The English lessons are but a small part of my experience in San Antonio Palopo. Last Sunday night, I sat in on the Directivo's Board meeting. They're a group of local volunteers who oversee the running of the Social Centre. Yesterday, I spent a couple of hours at the basico school, helping to fix some of the computers that were non-functional.  The days are full and varied, and always interesting. 

Felipa and Angelica, our two employees, do a stellar job in keeping things running smoothly. On Mondays, Felipa holds a clase de alfabetización en español  (Spanish literacy class) which runs for three hours. Angelica runs a similar class on Tuesdays. On Wednesdays, Isabel from CONALFA, the government organization responsible for literacy programs, has a three-hour Spanish class, while Felipa holds a sewing class for women. Lately it has been embroidery and crochet lessons, but soon they are going to start a project (using the electric serger) where we will be teaching women to make washable sanitary pads. We are sharing fabric (and hopefully machines) with the school. Some of the impermeable fabric was generously donated by Fabricland at the Tillicum Shopping Centre in Victoria (250- 475-7501). The manager there was moved when I told her about San Antonio’s 2010 disasters, and what the fabric would be used for, and  she gave a substantial discount. Another regular project involves a class for mothers with toddlers, where they are taught good nutritional practices, and more. That’s the Thursday morning group, and then in the afternoon there are cooking and Spanish classes.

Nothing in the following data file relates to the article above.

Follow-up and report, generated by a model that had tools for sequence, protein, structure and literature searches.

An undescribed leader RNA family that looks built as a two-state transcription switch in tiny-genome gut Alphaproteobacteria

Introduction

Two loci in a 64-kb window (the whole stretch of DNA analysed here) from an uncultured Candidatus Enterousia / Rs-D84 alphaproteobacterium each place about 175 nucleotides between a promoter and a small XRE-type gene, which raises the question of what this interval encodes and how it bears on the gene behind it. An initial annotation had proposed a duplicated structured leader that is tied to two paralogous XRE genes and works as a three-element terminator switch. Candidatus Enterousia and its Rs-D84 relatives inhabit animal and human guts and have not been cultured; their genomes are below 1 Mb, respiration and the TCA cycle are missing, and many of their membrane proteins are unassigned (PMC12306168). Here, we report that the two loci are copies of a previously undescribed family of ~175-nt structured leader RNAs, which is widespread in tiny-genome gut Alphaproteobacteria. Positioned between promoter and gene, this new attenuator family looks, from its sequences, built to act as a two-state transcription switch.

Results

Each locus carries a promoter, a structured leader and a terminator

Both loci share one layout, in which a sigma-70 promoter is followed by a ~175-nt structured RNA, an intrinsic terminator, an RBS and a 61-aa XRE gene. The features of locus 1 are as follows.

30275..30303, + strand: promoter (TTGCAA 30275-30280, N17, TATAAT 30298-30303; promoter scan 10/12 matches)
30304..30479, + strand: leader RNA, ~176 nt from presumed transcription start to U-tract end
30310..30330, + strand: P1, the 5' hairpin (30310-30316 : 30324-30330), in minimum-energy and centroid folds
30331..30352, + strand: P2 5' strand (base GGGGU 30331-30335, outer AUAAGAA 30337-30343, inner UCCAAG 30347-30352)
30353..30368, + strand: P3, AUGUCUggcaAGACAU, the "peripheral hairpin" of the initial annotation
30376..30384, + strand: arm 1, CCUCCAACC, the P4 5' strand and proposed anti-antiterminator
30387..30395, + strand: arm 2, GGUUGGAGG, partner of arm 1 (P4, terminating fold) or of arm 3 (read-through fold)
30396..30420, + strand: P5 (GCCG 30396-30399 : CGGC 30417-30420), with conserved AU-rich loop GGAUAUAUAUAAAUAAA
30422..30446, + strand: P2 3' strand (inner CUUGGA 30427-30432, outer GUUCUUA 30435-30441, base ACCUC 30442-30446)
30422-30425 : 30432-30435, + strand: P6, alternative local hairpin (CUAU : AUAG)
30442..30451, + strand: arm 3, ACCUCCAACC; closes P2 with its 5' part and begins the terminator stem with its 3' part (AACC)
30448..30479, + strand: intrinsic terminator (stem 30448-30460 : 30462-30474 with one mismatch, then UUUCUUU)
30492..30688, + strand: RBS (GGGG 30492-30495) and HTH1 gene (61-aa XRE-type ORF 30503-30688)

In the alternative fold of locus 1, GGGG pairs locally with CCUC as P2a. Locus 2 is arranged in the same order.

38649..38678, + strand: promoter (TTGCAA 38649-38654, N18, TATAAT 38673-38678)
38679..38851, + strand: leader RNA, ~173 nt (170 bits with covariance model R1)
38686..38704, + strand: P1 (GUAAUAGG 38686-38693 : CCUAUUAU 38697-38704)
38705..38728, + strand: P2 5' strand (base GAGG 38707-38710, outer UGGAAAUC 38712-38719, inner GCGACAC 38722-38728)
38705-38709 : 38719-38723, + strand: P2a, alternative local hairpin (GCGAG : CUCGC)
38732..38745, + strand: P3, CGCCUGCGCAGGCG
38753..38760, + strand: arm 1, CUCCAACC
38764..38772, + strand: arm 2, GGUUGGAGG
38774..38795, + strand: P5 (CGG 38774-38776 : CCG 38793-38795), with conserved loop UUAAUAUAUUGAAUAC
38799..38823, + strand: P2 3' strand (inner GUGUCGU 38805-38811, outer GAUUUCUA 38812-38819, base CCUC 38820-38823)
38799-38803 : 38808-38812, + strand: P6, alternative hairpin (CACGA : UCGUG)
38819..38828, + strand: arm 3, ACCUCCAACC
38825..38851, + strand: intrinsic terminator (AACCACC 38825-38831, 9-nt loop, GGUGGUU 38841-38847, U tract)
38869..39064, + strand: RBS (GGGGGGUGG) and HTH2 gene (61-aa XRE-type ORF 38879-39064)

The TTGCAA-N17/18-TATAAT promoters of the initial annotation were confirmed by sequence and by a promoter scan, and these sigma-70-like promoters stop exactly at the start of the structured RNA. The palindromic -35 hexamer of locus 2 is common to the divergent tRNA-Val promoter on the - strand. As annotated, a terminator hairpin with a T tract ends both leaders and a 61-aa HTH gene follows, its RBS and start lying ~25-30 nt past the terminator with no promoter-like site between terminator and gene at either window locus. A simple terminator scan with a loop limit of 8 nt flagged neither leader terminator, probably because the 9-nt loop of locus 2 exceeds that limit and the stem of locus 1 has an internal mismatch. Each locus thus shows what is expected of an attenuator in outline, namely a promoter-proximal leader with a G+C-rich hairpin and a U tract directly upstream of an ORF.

One of the most delightful days is Fridays, when the group lovingly referred to as the ancianas or, in English, the elderly ladies, come to the centre. They are given a healthy meal and do small sewing projects. Presently they’re making monkeys out of socks! There’s much infectious giggling filling the room as they try on various pairs of glasses (at times, upside down) till they find a pair that actually help with needle threading. Before their meal, they pray fervently, eyes closed, with profound sincerity. How I would love to have an entry into those minds as they pray, as they have no doubt experienced many sorrows throughout their tough lives.

On Saturdays, it’s a lively time at the centre, when the nine-to-thirteen-year-olds appear on the scene. Yesterday they were making fabric art pieces out of scrap material. There’s much hilarity as they dive into the mound of fabric on the floor, searching for the perfect piece for their artistry. Sadly,  many of their pictures are of the terrible mudslides that so recently changed this little town forever.

I had hoped to be blogging more regularly, but somehow the days are so full, that by the time the English lessons are over, the tropical tiredness sets in, and, well, you know how it goes.

Hasta pronto .... Tricia